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Nearly a Quarter of Youth Injured in Assaults Possess a Firearm, Study Finds

7/8/2013 For Release: July 8, 2013

Gun possession among youth is common, and gun violence is the second leading cause of death for all youth in the United States ages 14 to 24. In a study, “Firearm Possession AmongAdolescents Presenting to an Urban Emergency Department for Assault,” in the August 2013 Pediatrics (published online July 8) researchers from the University of Michigan Injury Center surveyed youth (14 to 24 years of age) who received care in an urban emergency department for assault. The survey measured demographics, gun possession, aggressive behavior, substance abuse, and history of violence. Among 689 high-risk youth seen in an urban emergency department for an assault-related injury, firearm possession rates were high (23 percent), with most firearms obtained outside of legal channels. On average, adolescent males were more likely to possess a gun than females. Roughly 14 percent of youth were younger than 18, and 32 percent had children of their own. Youth with firearms were more likely to use illegal drugs, have been involved in a serious fight, and to endorse aggressive attitudes that increase their risk for retaliatory violence. A total of 37 percent reported they had a gun primarily for protection, yet a majority believed “revenge was a good thing,” and that it was “OK to hurt people if they hurt you first.” The study authors conclude that future injury-prevention efforts should focus on minimizing firearm access among high-risk youth, promoting nonviolent alternatives to retaliatory violence and prevention of substance abuse.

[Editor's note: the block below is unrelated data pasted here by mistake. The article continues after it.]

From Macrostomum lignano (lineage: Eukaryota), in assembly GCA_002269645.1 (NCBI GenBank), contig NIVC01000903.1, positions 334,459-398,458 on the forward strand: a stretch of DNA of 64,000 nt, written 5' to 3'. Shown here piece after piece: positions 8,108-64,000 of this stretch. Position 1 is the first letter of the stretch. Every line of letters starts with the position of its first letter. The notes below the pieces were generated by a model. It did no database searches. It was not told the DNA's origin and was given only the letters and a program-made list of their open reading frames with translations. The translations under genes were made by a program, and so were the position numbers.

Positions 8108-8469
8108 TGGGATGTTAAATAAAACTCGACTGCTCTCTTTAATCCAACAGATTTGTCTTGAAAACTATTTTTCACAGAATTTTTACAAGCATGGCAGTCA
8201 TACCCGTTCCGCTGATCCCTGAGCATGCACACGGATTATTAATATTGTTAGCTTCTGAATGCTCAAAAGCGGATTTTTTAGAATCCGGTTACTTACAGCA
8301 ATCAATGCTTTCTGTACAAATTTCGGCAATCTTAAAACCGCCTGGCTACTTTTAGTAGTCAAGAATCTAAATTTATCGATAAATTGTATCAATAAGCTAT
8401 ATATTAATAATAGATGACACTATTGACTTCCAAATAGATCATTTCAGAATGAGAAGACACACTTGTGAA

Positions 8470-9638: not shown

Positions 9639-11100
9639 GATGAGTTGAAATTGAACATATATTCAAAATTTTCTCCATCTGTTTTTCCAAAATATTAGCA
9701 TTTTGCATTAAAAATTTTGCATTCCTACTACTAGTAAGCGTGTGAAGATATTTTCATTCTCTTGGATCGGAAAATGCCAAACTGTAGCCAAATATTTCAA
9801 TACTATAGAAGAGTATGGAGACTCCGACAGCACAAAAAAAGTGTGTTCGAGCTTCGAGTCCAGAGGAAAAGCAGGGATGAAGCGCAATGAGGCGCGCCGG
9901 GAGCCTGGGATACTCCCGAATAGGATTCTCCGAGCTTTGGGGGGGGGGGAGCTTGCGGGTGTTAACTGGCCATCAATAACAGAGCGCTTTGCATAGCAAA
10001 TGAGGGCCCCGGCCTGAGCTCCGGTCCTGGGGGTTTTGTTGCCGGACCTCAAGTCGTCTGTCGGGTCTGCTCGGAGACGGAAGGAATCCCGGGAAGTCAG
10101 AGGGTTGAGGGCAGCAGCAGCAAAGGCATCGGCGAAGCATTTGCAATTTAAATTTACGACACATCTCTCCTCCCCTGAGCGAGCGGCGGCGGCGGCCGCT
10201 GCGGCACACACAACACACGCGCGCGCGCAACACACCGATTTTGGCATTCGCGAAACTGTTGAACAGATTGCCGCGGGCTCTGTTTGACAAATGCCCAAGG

Editor’s Note: The related commentary, “Help Wanted: Studies of Firearms Injuries Affecting Children,” will also be published online July 8. 

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The American Academy of Pediatrics is an organization of 60,000 primary care pediatricians, pediatric medical subspecialists and pediatric surgical specialists dedicated to the health, safety and well-being of infants, children, adolescents and young adults. For more information, visit www.aap.org.



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